NAIROBI, Kenya, Feb 27 – Acacia Mining will invest Sh1.2 billion in Western Kenya gold exploration projects over the next 12 months following the discovery of an estimated 1.31 million ounces of gold resources on the Liranda Corridor, in Kakamega County, 48 km north-northwest of Kisumu City.
The firm says the move comes after the firm announced the discovery of an estimated 1.31 million ounces of gold resources on the Liranda Corridor – one of the highest grade projects in Africa.
“We are delighted to announce the maiden NI 43-101 compliant Inferred Mineral Resource Estimate (MRE) on the Liranda Corridor. This is one of the highest-grade projects in Africa today, and we believe that this initial resource is a first step in the delineation of a multi-million-ounce high-grade corridor, says Acacia’s Chief Executive Officer Brad Gordon.
Gordon says the discovery demonstrates the contrarian approach they have taken of investing in exploration over the past few years whilst others have been pulling back.
A large percentage of the investment will go towards a 45,000 metre drilling programme on the Liranda Corridor which is targeting an increase in the gold resource to over 2 million ounces in 2017.
The mining company also plans to commence a scoping study that looks at the potential for an underground mining operation towards the end of 2017.
Despite being a major discovery, significant further exploration and technical study work is required to establish whether this becomes an economically viable mine which will take several years.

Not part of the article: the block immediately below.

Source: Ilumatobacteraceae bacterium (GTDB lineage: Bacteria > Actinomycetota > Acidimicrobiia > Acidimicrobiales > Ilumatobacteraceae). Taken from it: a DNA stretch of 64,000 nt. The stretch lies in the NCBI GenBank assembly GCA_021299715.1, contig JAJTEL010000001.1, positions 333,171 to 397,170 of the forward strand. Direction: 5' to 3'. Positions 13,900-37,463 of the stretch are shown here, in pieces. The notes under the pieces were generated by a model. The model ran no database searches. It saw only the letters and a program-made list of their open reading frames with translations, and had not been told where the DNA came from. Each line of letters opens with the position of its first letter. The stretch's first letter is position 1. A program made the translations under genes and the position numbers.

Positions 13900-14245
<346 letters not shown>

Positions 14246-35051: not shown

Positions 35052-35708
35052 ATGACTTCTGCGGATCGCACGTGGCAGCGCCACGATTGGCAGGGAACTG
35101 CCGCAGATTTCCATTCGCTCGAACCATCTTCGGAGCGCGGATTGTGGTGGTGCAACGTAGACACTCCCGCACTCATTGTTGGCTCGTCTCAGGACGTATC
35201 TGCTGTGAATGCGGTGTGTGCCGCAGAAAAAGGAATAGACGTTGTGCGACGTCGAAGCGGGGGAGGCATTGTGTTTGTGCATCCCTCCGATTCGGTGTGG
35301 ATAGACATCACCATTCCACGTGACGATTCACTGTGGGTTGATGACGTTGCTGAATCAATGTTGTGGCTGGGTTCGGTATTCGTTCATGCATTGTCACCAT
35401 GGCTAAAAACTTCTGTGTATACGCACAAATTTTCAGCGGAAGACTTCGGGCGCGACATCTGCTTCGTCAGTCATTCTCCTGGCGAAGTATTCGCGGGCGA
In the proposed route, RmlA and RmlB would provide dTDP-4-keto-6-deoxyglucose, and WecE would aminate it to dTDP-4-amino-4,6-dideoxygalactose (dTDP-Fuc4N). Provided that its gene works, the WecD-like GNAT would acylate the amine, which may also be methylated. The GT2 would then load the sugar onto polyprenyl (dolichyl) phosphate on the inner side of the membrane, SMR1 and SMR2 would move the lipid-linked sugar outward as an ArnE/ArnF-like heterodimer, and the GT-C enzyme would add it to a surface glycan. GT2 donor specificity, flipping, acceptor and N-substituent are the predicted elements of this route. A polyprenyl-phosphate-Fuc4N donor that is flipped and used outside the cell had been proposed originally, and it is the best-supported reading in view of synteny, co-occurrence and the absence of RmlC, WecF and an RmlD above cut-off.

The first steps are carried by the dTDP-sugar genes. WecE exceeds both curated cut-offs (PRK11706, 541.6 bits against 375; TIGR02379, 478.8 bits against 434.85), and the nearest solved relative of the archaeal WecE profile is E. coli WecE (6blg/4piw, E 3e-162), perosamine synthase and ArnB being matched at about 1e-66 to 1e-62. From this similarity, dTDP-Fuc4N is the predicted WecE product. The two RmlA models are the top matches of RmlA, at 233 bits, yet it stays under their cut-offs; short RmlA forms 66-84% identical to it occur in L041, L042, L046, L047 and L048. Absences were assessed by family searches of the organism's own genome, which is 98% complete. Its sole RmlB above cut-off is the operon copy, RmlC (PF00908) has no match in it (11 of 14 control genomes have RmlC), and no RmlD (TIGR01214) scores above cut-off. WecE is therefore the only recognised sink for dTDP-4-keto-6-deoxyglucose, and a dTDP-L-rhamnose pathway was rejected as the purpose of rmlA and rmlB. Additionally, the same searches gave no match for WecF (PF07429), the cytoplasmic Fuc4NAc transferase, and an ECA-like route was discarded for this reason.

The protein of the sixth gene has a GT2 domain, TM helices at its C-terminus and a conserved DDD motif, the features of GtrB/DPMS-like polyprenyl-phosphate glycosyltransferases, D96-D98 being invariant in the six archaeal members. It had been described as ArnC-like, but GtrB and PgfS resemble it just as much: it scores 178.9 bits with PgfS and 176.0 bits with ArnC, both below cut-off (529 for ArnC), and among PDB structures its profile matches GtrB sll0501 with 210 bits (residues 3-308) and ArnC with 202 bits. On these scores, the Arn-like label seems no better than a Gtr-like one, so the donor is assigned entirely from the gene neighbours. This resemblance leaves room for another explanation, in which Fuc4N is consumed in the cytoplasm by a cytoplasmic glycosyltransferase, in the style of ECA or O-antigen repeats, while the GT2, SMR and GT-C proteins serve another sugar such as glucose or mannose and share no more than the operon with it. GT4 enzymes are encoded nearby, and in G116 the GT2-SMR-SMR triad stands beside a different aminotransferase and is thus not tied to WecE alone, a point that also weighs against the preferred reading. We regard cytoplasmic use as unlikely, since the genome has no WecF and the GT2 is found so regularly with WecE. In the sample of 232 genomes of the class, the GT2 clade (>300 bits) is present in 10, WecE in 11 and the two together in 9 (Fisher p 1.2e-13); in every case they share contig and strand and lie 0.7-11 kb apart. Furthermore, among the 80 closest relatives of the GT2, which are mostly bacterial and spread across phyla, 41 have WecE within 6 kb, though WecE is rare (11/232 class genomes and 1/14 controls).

“Kenya is undoubtedly a geologically rich country, and we are taking significant steps, such as the ratification of the 2016 Mining Act, to establish a robust legislative framework to support our developing mining industry. We are excited about the potential of Acacia’s West Kenya Project, as it could ultimately lead to the creation of a gold mining industry that would have a benefit to our country, economy and people,” says Mining Cabinet Secretary Dan Kazungu.
Acacia mining has so far invested about Sh2.9 billion over the last four years. In 2016 alone, the firm spent Sh1 billion in drilling 45, 038 metres.
According to the Kenya National Bureau of Statistics, gold production in 2015 rose 50 per cent to 0.3 tonnes though this was lower than its 2012 peak of 3.6 tonnes.
The firm, which has operations in Tanzania, Burkina Faso and Mali, bought out its joint venture partner in the Western Kenya mines in August last year at a cost of Sh503 million. Lonmin held a 49 percent stake in two mining licenses in the area.
The find by Acacia Mining comes after another find in its Goldplat’s operation in Narok, where the firm operates the Kilimapesa Gold Mine.
According to the company, Kilimapesa mine has a total resource of 8.72 million tonnes of gold.
Goldplat produced 2,000 ounces of gold in the financial year to June last year and expects to push up the production to 6,800 ounces this year.
Gold production accounted for less than 1 percent of total mineral output.